Midwives’ right to autonomy or self-government should be recognised before it is too late. Midwifery is in crisis and has been for several decades. Turnover in the Dublin hospitals is unsustainable: overall turnover from 2002-2005 was 17 per cent. The current shortage of midwives is now running at around 30 per cent in Dublin’s main maternity hospitals, which, between them, are down 262 midwives or more.

    The haemorrhaging of midwives threatens public safety. A 2008 KPMG on the Dublin maternity services says the risk of ‘serious untoward incidents’ has increased significantly in all three hospitals, which, between them, cater for 40 per cent of all births.

    The current ratio of births to midwives in Dublin is nearly double what it ought to be, according to expert guidelines. This impacts negatively on the quality of maternity care and makes medical intervention accelerating labour more likely, as women are less likely to be allowed to opt for ‘slow birth’ in understaffed labour wards.

    Normal birth is declining, and with it, women’s choices in childbirth.

    Caesarean section rates continue to rise: KPMG reported a rate of 28 per cent in the Rotunda in 2008, not far above the national average. Such high rates have implications for sustainability as well patient safety. Caesarean section costs three times more than normal birth.

    Partly on cost grounds, KPMG emphasises the need for ‘significant enhancement of primary and community care’. Moving care out of hospital into the community is key to the HSE’s transformation programme. This will require midwives to develop autonomous practice. KPMG recognises the need to develop the autonomy of the midwifery profession ‘to provide the type of service women want and to be in line with international best practice’. Modern midwifery legislation has empowered midwives in countries such as Canada, New Zealand, France and Britain.

    Amending Subsection (3) as proposed would end the dominance of nursing that, for over half a century, has restricted midwives’ professional development. This is in line with Section 2(2), which declares and recognises midwifery to be a separate profession from nursing. Recognising midwifery as a separate profession implies that the Board should be bound by the advice of the Midwives Committee.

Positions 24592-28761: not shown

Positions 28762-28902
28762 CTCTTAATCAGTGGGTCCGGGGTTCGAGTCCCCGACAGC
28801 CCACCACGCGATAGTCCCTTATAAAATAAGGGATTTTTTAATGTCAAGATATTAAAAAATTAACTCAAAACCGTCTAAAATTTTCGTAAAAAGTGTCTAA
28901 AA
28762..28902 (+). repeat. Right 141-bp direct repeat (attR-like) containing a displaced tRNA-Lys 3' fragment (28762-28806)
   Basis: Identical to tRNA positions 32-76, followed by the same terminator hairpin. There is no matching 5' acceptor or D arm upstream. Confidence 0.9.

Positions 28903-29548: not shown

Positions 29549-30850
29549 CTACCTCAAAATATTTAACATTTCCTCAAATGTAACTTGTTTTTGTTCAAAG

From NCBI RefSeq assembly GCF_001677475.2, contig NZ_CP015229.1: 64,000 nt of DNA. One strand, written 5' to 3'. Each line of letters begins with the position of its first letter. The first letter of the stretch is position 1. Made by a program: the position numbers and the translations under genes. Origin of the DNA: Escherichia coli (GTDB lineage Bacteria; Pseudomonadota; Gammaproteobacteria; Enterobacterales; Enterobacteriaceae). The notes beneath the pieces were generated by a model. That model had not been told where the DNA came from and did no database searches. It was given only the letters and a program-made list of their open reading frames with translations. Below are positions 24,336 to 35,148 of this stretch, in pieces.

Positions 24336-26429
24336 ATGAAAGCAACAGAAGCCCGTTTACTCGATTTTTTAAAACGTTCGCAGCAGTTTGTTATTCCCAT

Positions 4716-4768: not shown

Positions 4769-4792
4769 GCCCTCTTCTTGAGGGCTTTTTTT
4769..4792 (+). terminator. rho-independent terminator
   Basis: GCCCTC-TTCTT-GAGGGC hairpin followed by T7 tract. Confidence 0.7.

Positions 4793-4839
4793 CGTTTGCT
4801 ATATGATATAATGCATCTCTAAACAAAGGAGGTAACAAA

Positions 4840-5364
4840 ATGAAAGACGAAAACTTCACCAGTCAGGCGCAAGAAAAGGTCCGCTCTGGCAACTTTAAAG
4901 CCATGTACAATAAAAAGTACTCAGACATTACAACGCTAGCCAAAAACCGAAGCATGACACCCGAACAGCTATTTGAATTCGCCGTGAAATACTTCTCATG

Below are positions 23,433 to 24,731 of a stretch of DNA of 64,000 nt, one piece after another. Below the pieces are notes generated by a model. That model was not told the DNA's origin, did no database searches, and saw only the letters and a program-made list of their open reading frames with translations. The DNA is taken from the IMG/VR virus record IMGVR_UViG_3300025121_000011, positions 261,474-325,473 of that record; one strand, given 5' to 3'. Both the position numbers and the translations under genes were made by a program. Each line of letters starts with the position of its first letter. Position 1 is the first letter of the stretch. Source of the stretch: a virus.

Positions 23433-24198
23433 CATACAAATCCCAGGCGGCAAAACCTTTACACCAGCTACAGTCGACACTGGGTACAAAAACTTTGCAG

While a separate Midwives’ Board would be more in line with the Bill’s recognition of midwifery as a separate profession, this amendment achieves the same result in a more cost effective way, by using the staff and infrastructure of a single Board as provided by the Bill. Amending Subsection (3) as proposed would bring midwifery in Ireland into the 21st century: it would give midwives the capacity to develop their profession to the full and give mothers hope that the maternity services––so long unresponsive to their needs––might, over time, be transformed.

    SECTION 24

    2 In page 30, subsection (3), line 30, to delete the number ‘5’ and substitute the number ‘10’.

    3 In page 30, subsection (3), line 32, to delete ‘a registered midwife who is a member of the Board’, and substitute:

    ‘two registered midwives who are members of the Board’.

    4 In page 30, subsection (3), line 33, to delete the number ‘4’ and substitute the number ‘8’.

    5 In page 30, subsection (3), to delete lines 35-6, and substitute:

    ‘4 midwives, including one who shall be a self-employed community midwife’

    6 In page 30, subsection (3), between lines 40 and 41, to insert:

    ‘(iii) a registered nurse who is a member of the Board’.

    7 In page 30, subsection (3), to delete lines 41-45, and substitute:

    ‘(iv) two persons who, in the opinion of the Board, are representative of the public interest who are not and never have been a registered nurse or a registered midwife in the State or a nurse or a midwife in another jurisdiction.’